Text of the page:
Why Weinstein Jurors Delivered A Mixed Verdict

Published by Law360 (December 21, 2022, 10:27 PM EST) —

The jurors who voted to acquit Harvey Weinstein on certain charges in his Los Angeles rape trial — leading to hung verdicts on multiple counts — couldn’t understand why several accusers had contact with Weinstein after he allegedly assaulted them, several jurors said in interviews after the final verdict on

Weinstein was convicted of rape and sexual assault charges related to a victim known as Jane Doe 1, but the jury deadlocked on counts connected to two other accusers — including Jennifer Siebel Newsom, wife of California Gov. Gavin Newsom — and cleared the former media mogul of a sexual battery count connected to a fourth accuser.

One juror, who asked to only be identified as Jay, told reporters that jurors felt “horrible” for all the accusers and that the not guilty votes came down not to the accusers being disbelieved, but rather reasonable doubt linked to the accusers’ actions after the alleged attacks.

“Everybody seemed very believable — it’s just hard to prove all it through time and memory, and it’s their word against, you know, it’s just their word,” Jay said. “And then you look at everything else that transpired, all of the actions afterward and sometimes before, and so you just try to put it all together.”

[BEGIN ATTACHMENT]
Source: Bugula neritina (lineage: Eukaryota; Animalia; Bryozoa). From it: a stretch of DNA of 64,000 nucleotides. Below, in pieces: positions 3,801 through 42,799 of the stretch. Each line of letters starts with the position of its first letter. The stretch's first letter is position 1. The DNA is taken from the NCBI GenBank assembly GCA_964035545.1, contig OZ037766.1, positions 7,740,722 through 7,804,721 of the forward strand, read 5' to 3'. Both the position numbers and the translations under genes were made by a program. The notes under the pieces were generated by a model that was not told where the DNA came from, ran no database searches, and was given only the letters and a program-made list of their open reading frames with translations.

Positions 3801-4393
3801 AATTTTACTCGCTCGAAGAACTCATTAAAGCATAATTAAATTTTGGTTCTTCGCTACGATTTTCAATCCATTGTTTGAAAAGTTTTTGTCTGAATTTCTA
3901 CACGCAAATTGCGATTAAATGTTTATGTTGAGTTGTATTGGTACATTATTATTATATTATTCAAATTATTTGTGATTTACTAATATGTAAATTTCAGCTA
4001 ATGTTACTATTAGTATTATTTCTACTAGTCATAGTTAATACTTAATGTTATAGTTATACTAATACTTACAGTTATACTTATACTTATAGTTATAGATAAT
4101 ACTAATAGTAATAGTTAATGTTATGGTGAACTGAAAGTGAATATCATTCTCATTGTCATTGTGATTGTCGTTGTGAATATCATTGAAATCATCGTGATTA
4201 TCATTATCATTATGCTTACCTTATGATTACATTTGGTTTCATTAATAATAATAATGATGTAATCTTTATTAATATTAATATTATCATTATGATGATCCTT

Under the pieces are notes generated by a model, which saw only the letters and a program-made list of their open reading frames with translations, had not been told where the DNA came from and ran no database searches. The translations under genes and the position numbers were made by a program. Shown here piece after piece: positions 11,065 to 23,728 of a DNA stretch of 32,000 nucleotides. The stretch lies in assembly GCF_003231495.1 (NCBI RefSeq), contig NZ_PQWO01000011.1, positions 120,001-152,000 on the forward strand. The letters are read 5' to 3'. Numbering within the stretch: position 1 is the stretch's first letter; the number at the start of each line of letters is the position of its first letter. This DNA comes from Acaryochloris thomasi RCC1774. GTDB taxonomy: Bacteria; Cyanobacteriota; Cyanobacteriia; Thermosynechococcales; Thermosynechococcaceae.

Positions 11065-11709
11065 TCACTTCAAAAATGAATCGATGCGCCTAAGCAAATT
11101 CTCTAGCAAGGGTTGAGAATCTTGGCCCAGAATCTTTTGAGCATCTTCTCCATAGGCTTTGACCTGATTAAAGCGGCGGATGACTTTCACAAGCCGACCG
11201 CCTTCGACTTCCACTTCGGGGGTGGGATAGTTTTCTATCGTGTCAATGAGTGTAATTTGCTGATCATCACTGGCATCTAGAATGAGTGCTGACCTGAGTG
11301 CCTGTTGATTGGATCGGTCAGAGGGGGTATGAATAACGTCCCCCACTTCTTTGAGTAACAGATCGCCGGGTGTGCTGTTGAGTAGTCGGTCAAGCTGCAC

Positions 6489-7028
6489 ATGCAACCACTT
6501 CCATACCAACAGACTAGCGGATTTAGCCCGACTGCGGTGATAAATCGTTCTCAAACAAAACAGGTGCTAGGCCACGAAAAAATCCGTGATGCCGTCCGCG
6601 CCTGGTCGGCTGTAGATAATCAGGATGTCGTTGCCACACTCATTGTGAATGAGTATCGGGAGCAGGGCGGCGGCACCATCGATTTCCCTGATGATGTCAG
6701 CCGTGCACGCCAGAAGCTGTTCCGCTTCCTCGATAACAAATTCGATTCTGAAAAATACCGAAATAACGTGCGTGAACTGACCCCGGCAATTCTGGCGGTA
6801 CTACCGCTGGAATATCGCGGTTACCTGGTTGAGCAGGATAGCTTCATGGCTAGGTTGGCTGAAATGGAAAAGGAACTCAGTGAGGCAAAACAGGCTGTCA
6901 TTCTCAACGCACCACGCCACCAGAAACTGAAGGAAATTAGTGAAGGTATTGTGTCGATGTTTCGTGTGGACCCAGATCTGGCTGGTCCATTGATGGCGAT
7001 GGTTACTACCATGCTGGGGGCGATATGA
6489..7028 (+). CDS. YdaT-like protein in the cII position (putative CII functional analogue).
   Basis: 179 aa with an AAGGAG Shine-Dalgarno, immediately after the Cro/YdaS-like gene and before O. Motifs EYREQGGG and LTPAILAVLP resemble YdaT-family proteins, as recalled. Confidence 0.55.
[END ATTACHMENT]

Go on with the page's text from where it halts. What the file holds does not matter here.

Mark Calzaretta, founding partner of jury consulting firm Magna Legal Services, told Law360 that without physical evidence to back up a sexual assault accusation, jurors will “judge” victims. Calzaretta was not directly involved in the case but said he followed the proceedings closely.

“They’re going to judge them,” Calzaretta said. “I don’t think it’s necessarily blaming the victim, but when you have somebody who it’s their word against somebody else’s, does it fit the construct that the jurors believe is a reasonable construct and reasonable action?”

Siebel Newsom, for instance, exchanged many friendly communications with Weinstein after she claims he raped her, and some of the jurors appeared to question that behavior, Calzaretta said.

“With certain victims that testified, like … with the governor’s wife, for example, you’re talking about coming back years and years later after a lot of these alleged assaults occurred and then, you know, there’s like not a lot of physical evidence,” he said. “A lot of their behavior gets questioned now.”

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